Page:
It has long been discussed why dihydropyridine calcium antagonists are less cardioactive than other calcium antagonists at doses equally effective on vascular smooth muscle [5, 12]. Recently, it has been reported that dihydropyridine calcium antagonists, unlike other calcium antagonists, inhibit adenosine 3′,5′-cyclic monophosphate phosphodiesterase in various tissue preparations [2, 8, 10]. It has also been reported that intracellularly applied adenosine 3′,5′-cyclic monophosphate increases the slow inward current in heart cells [1, 11, 13]. Therefore, present experiments were carried out to elucidate the effects of intracellularly applied calcium antagonists on the slow inward current of single ventricular cells with the patchclamp, 'whole-cell recording', technique . Nifedipine, nicardipine and isobutylmethylxanthine, when applied intracellularly using the patch-clamp microelectrode, increased the plateau and the duration of action potentials of single ventricular heart cells of the guinea-pig. The augmentation of the action potential was abolished by superfusing the cell with nifedipine. D600 and diltiazem when applied either intra- or extra-cellularly decreased the plateau and the duration of the action potential. Under voltage clamp conditions, intracellularly applied nifedipine, nicardipine and isobutylmethylxanthine increased the slow inward current, whereas D600 and diltiazem decreased the current. The holding current and the current at the end of 200-ms clamp pulses were not modified. Thus, dihydropyridine calcium antagonists probably increase the slow inward current from the inside of the cell and attenuate the calcium entry blocking activities in heart cells. This must partly be a reason why dihydropyridine calcium antagonists are less cardioactive than D600 and diltiazem at doses equally effective on vascular smooth muscle.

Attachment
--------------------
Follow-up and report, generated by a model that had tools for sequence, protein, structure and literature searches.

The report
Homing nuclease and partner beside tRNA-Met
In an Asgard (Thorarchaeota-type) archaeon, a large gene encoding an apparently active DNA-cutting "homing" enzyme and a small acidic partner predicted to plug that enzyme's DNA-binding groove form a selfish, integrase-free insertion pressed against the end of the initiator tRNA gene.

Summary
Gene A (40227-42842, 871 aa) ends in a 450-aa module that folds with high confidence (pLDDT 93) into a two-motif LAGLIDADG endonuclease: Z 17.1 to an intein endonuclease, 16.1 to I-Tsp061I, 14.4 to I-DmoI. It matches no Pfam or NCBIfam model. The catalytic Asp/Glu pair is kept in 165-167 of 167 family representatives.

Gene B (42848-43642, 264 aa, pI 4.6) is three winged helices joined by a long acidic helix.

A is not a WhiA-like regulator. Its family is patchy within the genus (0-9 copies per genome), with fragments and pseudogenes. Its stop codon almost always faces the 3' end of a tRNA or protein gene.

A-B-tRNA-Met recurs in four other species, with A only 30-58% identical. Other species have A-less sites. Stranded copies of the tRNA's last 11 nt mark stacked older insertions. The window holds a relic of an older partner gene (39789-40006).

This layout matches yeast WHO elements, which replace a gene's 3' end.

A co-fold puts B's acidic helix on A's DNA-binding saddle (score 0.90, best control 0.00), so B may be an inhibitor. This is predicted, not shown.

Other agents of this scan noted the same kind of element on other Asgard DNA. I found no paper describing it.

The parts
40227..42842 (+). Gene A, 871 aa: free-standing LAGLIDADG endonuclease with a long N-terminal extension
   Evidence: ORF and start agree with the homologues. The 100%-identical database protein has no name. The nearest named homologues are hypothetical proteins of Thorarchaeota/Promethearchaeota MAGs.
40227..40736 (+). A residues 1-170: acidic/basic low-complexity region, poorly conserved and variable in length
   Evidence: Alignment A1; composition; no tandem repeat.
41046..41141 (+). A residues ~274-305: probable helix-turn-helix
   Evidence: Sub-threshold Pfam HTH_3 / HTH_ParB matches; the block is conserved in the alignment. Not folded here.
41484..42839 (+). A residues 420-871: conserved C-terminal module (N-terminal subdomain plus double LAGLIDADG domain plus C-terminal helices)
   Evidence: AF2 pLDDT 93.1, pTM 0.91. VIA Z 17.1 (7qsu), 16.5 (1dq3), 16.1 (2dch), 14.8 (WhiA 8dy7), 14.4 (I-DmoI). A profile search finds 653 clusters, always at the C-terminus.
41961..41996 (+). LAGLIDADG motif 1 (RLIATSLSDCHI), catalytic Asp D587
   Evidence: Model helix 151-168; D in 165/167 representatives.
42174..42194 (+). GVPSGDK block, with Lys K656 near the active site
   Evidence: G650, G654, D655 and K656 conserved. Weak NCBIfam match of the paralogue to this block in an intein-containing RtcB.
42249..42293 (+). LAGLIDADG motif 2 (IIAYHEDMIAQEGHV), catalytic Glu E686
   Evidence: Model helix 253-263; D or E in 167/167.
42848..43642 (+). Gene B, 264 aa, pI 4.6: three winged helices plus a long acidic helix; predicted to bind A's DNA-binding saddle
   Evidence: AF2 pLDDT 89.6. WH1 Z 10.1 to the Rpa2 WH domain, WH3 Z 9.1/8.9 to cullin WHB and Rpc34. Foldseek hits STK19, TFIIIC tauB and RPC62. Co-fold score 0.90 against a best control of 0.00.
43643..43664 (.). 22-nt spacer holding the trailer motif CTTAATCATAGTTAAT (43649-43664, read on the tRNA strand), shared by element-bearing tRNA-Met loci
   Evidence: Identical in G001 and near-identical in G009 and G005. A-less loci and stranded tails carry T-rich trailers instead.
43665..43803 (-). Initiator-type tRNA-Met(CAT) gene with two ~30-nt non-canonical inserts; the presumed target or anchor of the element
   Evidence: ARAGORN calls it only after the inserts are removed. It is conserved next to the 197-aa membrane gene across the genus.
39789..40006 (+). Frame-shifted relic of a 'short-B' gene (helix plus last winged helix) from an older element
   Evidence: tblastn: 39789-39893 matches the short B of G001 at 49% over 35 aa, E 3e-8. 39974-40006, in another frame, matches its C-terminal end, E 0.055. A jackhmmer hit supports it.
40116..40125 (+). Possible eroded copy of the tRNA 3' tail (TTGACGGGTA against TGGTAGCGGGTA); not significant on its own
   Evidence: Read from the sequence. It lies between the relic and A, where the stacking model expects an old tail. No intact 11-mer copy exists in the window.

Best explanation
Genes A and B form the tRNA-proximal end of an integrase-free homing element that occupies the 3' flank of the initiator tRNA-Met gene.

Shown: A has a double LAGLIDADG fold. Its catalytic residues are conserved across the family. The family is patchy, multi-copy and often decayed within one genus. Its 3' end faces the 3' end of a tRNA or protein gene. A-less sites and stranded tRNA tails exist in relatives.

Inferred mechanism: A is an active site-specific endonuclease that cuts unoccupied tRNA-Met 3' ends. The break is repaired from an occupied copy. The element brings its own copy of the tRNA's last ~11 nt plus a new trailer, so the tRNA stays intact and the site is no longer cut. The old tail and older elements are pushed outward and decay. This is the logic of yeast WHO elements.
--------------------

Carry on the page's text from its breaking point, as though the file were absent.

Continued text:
- Adenosine 3′,5′-cyclic monophosphate phosphodiesterase
- Dihydropyridine calcium antagonist
- Slow inward current
ASJC Scopus subject areas
- Molecular Biology
- Cardiology and Cardiovascular Medicine